What it’s about: Sister Irene is a nun-in-training who is commissioned to accompany a priest to an ancient Romanian castle that serves as an abbey. A young nun committed suicide by hanging outside of her window and the locals tell stories about other evil things that have happened there.. Sister Irene and Father Burke are tasked to determine whether the grounds are still holy or if this tragedy has brought unspeakable evil. They must spend a terrifying night inside the abbey, a night that will test their faiths and their sanity as they are tormented by an unholy spirit. With the other inhabitants of the abbey only able to hold off this evil through their prayer, Sister Irene and Father Burke decide more action is needed in order to keep this force from the outside world.
The Nun is set up as an origin story for everyone’s favorite painting/demonic spirit from The Conjuring 2, but it really isn’t that. There are aspects that bring this story directly into the Conjuring-verse [mostly through a bookend narrative device] but The Nun is a pretty standalone horror experience — if you haven’t seen any of The Conjuring films, you won’t be missing out on too much … except that The Conjuring and The Conjuring 2 are much better than The Nun [you can put Annabelle: Creation in that pile, as well].
A test I have for the effectiveness of a horror film doesn’t come until I actually leave the theater — the best continue to leave me shaken, as if the movie is out into the world now. There is something about The Nun that prevented that. I’m not sure if it is the isolated far-away setting or how the film is wrapped up, but the film’s scares aren’t going to follow me outside of its 90 minute runtime.
Part of it is certainly that the title Nun isn’t all that scary herself. She has a creepy presence, certainly, and the character worked well enough in The Conjuring 2. She’s lacking here, though, when the entire focus of the film is on her. She stands around ominously, maybe screams every once in a while. That’s about it.
I also think that I might be getting too used to the Conjuring style of filmmaking, especially the floaty, intricate camerawork that was initially the prize of the series. In The Nun, whenever the camera began to swivel or swoop, I was too aware of what was coming. It is still impressive on a technical level, but it doesn’t inform the narrative or the scares as well as they used to.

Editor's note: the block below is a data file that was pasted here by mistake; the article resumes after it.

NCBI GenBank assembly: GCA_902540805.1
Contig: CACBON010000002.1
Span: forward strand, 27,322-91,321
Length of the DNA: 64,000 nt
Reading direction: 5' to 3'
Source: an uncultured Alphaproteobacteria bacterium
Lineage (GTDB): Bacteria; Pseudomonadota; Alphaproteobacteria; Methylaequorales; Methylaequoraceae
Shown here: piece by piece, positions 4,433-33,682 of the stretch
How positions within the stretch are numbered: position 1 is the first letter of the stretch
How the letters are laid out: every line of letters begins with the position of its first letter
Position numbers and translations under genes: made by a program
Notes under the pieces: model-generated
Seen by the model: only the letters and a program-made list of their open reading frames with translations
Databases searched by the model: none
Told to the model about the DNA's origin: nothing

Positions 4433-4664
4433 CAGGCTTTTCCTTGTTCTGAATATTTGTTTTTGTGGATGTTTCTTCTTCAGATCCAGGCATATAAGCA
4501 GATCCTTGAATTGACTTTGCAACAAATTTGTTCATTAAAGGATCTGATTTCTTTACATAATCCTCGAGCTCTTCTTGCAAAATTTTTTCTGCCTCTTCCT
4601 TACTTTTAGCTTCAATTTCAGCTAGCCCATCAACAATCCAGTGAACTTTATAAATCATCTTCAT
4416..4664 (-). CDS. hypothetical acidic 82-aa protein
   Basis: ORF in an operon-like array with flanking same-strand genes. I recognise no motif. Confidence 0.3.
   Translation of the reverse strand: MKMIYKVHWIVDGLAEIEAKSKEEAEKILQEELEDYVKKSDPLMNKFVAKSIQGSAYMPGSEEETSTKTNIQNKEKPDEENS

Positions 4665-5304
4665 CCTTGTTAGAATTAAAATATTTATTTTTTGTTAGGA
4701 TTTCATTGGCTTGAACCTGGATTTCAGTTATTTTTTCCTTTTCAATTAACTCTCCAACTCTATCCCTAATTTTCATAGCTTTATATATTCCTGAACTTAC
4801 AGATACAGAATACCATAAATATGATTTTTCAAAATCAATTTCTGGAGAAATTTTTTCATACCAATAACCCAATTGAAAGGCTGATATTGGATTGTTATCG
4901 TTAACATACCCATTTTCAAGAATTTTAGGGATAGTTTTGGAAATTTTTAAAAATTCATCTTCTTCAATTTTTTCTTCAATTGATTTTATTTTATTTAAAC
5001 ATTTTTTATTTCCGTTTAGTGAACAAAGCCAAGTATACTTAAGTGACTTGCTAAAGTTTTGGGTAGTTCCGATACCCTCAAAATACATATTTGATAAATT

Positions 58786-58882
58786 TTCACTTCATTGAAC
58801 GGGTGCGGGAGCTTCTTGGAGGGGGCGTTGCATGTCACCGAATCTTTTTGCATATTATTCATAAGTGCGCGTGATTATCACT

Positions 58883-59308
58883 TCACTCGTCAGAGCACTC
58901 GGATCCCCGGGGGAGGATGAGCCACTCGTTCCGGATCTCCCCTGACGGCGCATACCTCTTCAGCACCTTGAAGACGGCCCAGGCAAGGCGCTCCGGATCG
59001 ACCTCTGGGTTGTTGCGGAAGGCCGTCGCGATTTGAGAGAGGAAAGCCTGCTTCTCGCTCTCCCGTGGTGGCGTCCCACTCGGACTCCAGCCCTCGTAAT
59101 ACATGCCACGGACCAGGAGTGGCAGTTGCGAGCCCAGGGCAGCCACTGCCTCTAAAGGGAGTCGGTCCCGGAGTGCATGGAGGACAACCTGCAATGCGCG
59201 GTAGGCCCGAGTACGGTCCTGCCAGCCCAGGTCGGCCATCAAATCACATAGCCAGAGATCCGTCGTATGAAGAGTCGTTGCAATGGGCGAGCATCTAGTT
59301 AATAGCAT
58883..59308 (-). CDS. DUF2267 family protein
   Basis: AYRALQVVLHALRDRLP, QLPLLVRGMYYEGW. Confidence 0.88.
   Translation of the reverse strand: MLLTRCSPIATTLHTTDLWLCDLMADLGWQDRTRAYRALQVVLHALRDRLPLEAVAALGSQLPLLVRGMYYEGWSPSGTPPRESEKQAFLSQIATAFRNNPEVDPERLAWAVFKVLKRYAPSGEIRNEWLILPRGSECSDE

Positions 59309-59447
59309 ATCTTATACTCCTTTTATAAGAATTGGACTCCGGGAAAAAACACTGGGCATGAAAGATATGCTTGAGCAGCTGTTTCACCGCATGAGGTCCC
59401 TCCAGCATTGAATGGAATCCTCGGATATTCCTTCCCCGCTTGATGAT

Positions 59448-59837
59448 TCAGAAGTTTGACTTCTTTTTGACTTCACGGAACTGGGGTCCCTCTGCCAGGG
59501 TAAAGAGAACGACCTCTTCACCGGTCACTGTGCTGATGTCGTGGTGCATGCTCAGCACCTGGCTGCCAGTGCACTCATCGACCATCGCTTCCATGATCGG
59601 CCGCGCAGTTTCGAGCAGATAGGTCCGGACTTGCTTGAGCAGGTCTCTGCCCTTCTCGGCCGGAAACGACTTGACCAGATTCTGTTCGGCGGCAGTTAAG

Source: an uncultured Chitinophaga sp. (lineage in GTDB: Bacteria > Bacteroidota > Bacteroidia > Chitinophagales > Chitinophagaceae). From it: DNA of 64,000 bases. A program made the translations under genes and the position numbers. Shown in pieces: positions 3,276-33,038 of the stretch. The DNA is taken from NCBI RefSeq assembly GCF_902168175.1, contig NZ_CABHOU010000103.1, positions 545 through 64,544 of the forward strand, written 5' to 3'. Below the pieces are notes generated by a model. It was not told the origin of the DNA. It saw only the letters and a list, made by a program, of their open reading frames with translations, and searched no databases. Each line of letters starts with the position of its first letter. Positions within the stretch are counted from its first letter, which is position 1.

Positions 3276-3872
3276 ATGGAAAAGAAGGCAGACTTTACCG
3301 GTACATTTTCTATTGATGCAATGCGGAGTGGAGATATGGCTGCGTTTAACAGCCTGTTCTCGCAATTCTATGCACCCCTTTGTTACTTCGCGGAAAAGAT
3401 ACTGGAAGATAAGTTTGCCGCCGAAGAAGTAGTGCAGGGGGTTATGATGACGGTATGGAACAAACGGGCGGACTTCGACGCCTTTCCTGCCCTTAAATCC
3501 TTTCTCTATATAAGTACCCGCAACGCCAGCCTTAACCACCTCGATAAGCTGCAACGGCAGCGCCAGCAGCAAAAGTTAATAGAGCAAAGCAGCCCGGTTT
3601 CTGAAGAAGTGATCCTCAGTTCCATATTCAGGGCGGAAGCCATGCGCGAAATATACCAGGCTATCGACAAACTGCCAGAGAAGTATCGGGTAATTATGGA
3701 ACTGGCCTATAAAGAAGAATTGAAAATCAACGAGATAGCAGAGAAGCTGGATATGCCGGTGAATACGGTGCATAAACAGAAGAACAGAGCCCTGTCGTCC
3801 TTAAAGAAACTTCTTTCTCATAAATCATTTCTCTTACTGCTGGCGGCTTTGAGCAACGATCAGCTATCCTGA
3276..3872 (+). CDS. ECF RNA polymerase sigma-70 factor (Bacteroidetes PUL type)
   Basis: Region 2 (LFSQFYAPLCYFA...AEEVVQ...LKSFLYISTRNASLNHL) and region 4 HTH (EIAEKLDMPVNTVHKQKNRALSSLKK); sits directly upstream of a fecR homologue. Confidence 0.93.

A majority of the horror beats are more like a zombie film than a ghost story, which was unexpected.
Still, the decent scares come around in the film from trickery. This makes sense in the context of being haunted by a demon. When the film is at its best, the perfect way to describe it is devilish. The more elaborate setpieces were few and far between the usual “something’s behind you” scares, unfortunately.
That said, The Nun is missing a crucial aspect of any comedy. Frankly, I don’t recall much comedic relief in any films within the franchise, but The Conjuring films in particular had a lighter touch through the performances of Vera Farmiga and Patrick Wilson. It is particularly missing in The Nun, however. One character, Irene and Burke’s local guide Frenchie, is meant to fill this void as the 3rd act comic relief, but he falls completely flat, more hammy than anything else. Though the film certainly could have used more playfulness, this half attempt only made things worse.
Overall, the acting in the film is fine, but the casting of Taissa Farmiga as Sister Irene is more fascinating on the page than on the screen. She is, of course, Vera Farmiga’s younger sister and this is notable because of Vera’s role as Lorraine 20 years after the events of The Nun. Even more, the sisters share an undeniable likeness, which begs for speculation of a possible deeper connection between the two characters. Anti-spoiler: The Nun doesn’t go there. Someone who knows the series more than me could probably break down some clues that might suggest a tease for future films but it seems pretty unlikely that there is any other connection. It’s just kind of weird.